“The cells of the heart which nature built for joy die through disuse. That small place in the breast which is faith’s cramped quarters remains untenanted for years and decays.” Alexander Solzhenitsyn on maintaining joy in life.
I’m reading the classics these days. When I came across this quote from Solzhenitsyn’s Cancer Ward I realized it spoke perfectly to my situation. Until recently, I’ve been dying bit by bit, inexorably trudging through each day, trapped in a job I disliked and staying there for all the wrong reasons. Those of you who have been following my blog know that I recently threw caution to the wind and retired to Sarasota, regardless of the fact that my house in North Carolina has not yet sold. It was a leap of faith – faith that the Universe would bring me what I needed.
I must have been joyful as a child, although I don’t remember ever feeling that way. Certainly, as an adult I have rarely been joyful. Somehow I grew serious and stayed that way. Perhaps that’s because I never had a job about which I was passionate. All of my jobs were a means to an end – a way to earn a living. But no more. I step lightly these days on this path to joy and I find more and more things that sustain me.Last night, for example, Rosemary Court Wellness Center hosted a concert by the Blue Muse Trio. Consisting of a cellist, a percussionist specializing in the frame drum, and a vocalist who doubled as a flautist, the trio performed selections from the Cantigas de Santa Maria, a library of Spanish and Portuguese devotional music from the 13th century (listen to an example of their incredible music here). I have never heard live cello music, so last night was a real treat.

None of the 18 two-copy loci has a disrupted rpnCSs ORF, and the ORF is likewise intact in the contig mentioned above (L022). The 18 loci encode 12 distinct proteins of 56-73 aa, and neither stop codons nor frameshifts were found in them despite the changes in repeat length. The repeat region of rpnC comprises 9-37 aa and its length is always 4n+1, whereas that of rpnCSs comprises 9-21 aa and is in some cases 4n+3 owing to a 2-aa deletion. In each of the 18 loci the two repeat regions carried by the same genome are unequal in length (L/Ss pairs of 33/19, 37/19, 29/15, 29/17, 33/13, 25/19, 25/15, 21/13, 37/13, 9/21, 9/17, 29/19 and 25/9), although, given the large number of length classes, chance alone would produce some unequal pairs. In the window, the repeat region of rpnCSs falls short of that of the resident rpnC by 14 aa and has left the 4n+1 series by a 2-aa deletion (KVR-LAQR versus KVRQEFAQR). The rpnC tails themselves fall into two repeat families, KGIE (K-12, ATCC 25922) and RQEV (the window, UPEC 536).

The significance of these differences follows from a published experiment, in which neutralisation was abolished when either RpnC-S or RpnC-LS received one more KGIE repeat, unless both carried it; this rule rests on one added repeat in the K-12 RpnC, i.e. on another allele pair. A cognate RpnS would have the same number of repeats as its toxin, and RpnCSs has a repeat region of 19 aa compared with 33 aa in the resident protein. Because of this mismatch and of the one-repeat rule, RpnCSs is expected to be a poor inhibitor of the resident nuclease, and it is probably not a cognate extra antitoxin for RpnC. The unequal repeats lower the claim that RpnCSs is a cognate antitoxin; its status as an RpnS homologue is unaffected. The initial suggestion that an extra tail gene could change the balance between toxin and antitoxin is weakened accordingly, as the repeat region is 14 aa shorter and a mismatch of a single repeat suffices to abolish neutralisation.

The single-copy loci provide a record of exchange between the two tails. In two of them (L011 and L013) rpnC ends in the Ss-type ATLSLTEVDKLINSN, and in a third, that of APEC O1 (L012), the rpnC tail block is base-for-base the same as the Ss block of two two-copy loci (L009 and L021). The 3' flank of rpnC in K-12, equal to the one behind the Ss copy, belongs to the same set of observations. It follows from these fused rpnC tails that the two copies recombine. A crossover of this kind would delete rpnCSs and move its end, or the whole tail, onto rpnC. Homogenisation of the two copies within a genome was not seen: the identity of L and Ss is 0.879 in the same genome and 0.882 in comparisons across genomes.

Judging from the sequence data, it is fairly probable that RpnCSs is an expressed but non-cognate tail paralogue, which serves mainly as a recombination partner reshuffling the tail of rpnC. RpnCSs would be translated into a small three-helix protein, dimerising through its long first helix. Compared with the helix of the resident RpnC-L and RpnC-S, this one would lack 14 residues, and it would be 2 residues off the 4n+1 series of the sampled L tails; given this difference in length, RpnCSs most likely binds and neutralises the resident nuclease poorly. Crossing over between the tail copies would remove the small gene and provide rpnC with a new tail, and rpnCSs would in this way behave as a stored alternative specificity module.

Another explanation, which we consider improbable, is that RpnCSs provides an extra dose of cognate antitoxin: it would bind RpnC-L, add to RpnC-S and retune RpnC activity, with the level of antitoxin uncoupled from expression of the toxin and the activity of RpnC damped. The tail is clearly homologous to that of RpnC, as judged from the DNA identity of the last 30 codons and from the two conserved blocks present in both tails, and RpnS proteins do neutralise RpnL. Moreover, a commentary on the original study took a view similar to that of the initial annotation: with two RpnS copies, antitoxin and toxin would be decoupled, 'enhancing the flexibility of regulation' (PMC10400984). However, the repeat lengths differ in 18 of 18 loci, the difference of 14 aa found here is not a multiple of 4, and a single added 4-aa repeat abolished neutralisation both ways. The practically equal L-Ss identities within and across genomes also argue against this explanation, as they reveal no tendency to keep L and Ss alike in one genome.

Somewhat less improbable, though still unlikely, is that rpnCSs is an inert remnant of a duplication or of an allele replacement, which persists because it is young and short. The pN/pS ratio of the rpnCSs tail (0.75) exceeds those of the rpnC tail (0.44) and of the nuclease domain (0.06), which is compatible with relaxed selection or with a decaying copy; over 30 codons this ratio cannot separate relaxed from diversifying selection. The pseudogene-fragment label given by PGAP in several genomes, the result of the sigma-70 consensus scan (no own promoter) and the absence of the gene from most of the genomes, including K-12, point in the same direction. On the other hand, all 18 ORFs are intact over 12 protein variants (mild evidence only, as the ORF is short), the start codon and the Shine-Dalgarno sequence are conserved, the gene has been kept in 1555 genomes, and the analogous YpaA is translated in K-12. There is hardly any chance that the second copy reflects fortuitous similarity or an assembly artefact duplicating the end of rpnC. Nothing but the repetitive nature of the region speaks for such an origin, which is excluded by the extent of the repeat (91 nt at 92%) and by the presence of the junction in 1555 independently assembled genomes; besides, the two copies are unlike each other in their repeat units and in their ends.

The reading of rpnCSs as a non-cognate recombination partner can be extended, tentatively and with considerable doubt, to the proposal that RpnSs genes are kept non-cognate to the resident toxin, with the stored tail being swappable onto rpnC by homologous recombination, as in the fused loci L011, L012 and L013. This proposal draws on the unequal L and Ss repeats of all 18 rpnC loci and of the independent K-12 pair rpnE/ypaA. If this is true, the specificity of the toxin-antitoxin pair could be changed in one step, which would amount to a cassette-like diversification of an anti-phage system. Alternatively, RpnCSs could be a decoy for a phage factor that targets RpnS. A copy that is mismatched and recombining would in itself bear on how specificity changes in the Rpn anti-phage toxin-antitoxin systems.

From the front row I watched cellist Tom Kersey perform, awestruck by the sound of the cello. I swear he went somewhere else when he played. He was surrounded by that beautiful purple light I have been seeing lately and there is no doubt in my mind that he was channeling from a higher source. What an incredible talent he is. They are playing at a local club next Friday evening and I plan to go hear them again.
Today was different, yet the same, in that it brought me joy. It was Sarasota Art Day and all the streets of downtown were closed to traffic and lined with booths, kiosks, and stages. Even the homeless, who often inhabit the downtown park benches, got into the act. One entrepreneurial homeless man did a pencil sketch of Jesus and leaned the drawing against the curb in hopes of a sale. Music was everywhere. One performance in particular made me think of my Dad – he would have really enjoyed the big band that performed on the main stage. I wandered around for hours, enjoying the music and snapping photos – one of my favorite things to do. As the afternoon wound down I picked one of the many restaurants in downtown that have little tables set out on the sidewalk, ordered coffee and an appetizer, and delved back into Solzhenitsyn.
At one point I looked up from my book to see that the clouds had just turned a lovely shade of pinkish orange, reflecting the setting sun from Sarasota Bay. Quickly I grabbed my camera and snapped the shot, looking straight up from my spot on the sidewalk. Another 20 seconds and it would have been gone. Why did I look up at that instant? I’d like to think it’s because I’m in tune with the Universe and living in the moment. That small place in my breast that houses faith is expanding each day and I am so grateful.